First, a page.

For its construction, the Housing Complex can be divided into approximately five groups: the three largest groups look at Pierre Dupuy Avenue, while two smaller groups face the San Lorenzo River. Construction began in the largest group on the south side and advanced north. The boxes were assembled independently of the elevator shafts to the level of the first walkway on the fifth floor. Each part of the building, including the units, the pedestrian streets and the elevator cores, serve as support elements for the distribution of the loads. The elevator and stair cores transmit lateral loads to the foundations.

The modular units support load and are erected one on top of the other, carrying most of the load through walls and pillars. The modules are connected to each other by means of post-tension rods, cables and welds, forming a continuous suspension system. Some of the boxes on the third floor are supported by columns supported at the level of the second floor plaza.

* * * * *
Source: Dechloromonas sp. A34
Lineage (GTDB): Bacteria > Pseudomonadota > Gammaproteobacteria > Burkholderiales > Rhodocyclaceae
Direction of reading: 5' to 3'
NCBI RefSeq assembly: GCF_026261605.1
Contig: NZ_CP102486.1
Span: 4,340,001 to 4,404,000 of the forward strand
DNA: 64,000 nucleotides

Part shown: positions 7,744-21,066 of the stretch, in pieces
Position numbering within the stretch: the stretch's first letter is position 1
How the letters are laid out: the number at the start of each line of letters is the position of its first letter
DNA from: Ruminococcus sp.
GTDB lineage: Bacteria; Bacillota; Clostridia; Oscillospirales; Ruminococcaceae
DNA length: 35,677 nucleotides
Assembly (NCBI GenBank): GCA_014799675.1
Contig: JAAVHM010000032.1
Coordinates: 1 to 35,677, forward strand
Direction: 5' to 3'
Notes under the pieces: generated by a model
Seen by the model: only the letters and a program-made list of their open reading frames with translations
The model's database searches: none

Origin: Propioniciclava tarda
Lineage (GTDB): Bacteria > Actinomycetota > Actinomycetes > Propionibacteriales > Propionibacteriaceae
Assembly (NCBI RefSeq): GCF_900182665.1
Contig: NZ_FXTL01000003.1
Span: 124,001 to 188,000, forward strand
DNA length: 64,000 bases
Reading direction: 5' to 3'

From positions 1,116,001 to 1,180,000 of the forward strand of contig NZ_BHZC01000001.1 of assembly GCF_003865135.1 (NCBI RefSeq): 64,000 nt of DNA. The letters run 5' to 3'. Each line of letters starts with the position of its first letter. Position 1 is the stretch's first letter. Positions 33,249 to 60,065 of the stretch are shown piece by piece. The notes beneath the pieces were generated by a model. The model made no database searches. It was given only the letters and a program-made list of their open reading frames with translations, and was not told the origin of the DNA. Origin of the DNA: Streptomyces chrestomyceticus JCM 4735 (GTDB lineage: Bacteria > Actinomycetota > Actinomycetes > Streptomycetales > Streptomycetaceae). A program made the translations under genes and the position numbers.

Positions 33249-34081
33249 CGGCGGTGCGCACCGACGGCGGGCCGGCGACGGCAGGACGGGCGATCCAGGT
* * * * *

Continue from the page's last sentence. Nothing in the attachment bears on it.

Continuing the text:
The modules were built with reinforced concrete manufactured on site, for which a true assembly line was built in place that first melted the concrete to create the module, then the electrical connections, the kitchen, the bathrooms and the windows were installed and later a crane took it to its final location.

The modular units were painted externally in beige-gray tones. In some enclosures of the common corridors, Plexiglas has been used.

The interior components were manufactured, assembled and installed in each module in the same factory, with single-unit baths of gel-coated fiberglass, kitchens manufactured by Frigidaire and Geon plastic window frames. In the interiors wood was used in some finishes.